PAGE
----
On the other hand, the activation of the anterior insula during cognitive conflict (incongruent condition versus congruent condition) may be consistent with the idea that additional brain resources were needed to perform the tasks. Even though the anterior insula is not generally activated by the MSIT , it has been found to be active during performance monitoring and is modulated by error awareness [ ]. Additionally, the anterior insula is suggested to be a key dysfunctional structure in the pathophysiology of eating disorders [ ].
In summary, these promising results suggest that, in this case report, a combined treatment of CBT and VGT might lead to functional cerebral changes that might eventually translate into better cognitive and emotional performances. This report emphasizes the importance of researching new treatments for enhancing emotional regulation and impulsivity control in BN patients.
Strengths and Limitations
This case study also has several important strengths, primarily the novelty of the therapeutic approach. VGT, as applied in the present case study, might be a practical tool for the treatment of cognitive and emotional alterations in BN.
However, the results of this case study should be interpreted within the context of some limitations. The most important one is that it is a single case report study, although a longitudinal design was employed and pre-post measures of the patient were considered. However, brain activity pre-post was not statistically compared, thus future studies evaluating series of cases-controls should be conducted in order to confirm these findings. Additionally, although the repetition of the task may be contributing to the improvement in brain and behavioral efficiency, this effect could not be differentiated here and would need to be further tested in a case-control study.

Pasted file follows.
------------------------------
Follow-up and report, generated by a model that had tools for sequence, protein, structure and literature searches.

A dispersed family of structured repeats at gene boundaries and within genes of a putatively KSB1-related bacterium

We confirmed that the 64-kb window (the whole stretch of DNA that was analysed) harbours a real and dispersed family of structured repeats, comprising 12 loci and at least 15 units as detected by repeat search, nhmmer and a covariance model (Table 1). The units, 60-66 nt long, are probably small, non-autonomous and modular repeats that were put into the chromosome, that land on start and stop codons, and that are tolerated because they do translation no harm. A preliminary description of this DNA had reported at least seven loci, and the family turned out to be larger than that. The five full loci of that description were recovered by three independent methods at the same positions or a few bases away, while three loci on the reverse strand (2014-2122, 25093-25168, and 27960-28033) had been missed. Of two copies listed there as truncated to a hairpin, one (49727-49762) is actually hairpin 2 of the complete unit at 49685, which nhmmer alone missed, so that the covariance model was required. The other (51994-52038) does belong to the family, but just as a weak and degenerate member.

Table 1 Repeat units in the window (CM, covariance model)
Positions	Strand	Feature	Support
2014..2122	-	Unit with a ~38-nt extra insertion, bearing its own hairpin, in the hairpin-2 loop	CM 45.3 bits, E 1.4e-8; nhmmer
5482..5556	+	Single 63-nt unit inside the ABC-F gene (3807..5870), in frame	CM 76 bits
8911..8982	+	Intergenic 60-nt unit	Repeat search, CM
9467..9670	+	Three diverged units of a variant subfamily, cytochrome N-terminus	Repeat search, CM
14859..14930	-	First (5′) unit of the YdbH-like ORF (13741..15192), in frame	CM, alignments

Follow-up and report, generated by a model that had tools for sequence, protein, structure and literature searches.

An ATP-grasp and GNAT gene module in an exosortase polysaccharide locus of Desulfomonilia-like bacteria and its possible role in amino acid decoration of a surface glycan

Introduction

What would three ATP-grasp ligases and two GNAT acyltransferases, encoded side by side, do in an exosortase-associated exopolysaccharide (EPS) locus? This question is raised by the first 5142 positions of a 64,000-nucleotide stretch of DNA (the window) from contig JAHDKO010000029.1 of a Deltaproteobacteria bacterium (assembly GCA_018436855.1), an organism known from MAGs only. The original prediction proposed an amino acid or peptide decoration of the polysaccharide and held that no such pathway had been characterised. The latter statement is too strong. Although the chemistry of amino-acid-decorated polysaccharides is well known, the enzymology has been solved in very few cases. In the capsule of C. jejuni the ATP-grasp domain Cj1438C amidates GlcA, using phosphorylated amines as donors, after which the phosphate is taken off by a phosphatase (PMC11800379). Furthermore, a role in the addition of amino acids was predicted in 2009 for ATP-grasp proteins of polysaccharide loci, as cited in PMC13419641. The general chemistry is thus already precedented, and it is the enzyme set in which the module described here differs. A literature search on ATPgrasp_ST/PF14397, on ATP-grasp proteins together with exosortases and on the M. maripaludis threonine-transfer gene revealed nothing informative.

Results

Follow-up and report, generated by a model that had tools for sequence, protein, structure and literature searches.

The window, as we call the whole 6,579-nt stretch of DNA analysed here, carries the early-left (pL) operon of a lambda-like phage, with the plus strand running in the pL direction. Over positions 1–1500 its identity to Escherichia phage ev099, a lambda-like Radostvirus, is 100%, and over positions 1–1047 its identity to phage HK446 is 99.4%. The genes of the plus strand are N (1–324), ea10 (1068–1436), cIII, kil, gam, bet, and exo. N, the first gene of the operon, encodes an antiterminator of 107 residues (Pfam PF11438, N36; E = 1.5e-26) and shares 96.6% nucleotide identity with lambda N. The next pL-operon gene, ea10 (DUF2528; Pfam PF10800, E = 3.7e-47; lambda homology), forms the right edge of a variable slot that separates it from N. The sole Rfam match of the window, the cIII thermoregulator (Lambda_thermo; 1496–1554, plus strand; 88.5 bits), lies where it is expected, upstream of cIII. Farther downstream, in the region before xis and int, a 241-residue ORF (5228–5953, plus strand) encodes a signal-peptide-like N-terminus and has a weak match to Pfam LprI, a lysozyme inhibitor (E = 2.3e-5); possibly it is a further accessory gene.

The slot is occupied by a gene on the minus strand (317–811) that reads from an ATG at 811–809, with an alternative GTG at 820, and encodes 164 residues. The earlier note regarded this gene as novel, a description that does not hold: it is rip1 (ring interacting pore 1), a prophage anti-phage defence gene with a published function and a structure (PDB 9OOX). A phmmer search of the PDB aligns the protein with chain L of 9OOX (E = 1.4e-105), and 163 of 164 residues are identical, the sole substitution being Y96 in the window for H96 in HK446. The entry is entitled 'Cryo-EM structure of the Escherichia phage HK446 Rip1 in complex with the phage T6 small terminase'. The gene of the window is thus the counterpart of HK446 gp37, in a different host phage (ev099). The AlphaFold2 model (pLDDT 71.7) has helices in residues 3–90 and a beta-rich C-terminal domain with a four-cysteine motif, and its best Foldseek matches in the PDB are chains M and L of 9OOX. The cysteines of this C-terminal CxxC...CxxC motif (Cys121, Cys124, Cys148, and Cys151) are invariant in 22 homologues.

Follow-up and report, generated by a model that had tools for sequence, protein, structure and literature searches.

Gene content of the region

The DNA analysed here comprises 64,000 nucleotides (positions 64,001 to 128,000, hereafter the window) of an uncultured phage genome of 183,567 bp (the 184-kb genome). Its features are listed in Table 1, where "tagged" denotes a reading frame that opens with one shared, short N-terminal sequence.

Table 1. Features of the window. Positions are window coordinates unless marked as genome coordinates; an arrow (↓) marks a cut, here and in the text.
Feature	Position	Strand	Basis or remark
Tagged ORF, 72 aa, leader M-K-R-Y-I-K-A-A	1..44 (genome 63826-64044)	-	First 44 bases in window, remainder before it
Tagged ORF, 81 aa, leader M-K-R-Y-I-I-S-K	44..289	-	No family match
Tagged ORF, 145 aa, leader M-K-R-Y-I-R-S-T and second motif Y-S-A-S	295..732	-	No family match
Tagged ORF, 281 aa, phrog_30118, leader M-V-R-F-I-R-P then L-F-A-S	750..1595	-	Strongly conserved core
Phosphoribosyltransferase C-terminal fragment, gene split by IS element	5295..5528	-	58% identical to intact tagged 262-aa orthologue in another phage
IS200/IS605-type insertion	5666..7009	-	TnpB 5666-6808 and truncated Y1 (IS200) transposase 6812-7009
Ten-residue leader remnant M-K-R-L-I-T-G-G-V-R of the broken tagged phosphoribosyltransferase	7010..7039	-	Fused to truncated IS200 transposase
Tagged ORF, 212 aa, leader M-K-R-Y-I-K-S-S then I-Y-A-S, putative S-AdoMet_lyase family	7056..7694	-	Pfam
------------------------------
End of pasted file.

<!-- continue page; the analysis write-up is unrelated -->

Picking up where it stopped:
Though this report exemplifies a novel treatment for cognitive and emotional rehabilitation in BN patients (ie, video game therapy), more studies need to be carried out and future neuropsychological and neuroimaging studies should focus on the executive and emotional profile of these patients, in order to shed more light on these multifaceted constructs.
Financial support was received from Fondo de Investigación Sanitaria-FIS (PI081714; PI11/210); AGAUR (2009SGR1554, 2009SGR718), and Ministerio de Ciencia e Innovación Subprograma Juan de la Cierva (JCI-2011-09248). CIBER Fisiopatología de la Obesidad y Nutrición (CIBERobn) and CIBER Salud Mental (CIBERSAM) are both an initiative of ISCIII. Dr Soriano-Mas is supported by a Miguel Servet contract from the Carlos III Health Institute (CP10/00604).
Conflicts of Interest
Multimedia Appendix 1
Video game PlayMancer.MP4 File (MP4 Video), 17MB
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|BIS-11: Barratt Impulsiveness Scale|
|BMI: body mass index|
|BN: bulimia nervosa|
|CBT: cognitive behavioral therapy|
|fMRI: functional magnetic resonance imaging|
|HR: heart rate|
|MRI: magnetic resonance imaging|
|MSIT: multi-source interference task|
|STAI: State-Trait Anxiety Inventory|
|VGT: video game therapy|
Edited by G Eysenbach; submitted 15.01.14; peer-reviewed by U Schmidt, K Tchanturia, R Rodgers, V Cardi; comments to author 26.04.14; revised version received 29.05.14; accepted 22.07.14; published 12.08.14
©Ana Beatriz Fagundo, Esther Via, Isabel Sánchez, Susana Jiménez-Murcia, Laura Forcano, Carles Soriano-Mas, Cristina Giner-Bartolomé, Juan J Santamaría, Maher Ben-Moussa, Dimitri Konstantas, Tony Lam, Mikkel Lucas, Jeppe Nielsen, Peter Lems, Narcís Cardoner, Jose M Menchón, Rafael de la Torre, Fernando Fernandez-Aranda. Originally published in the Journal of Medical Internet Research (http://www.jmir.org), 12.08.2014.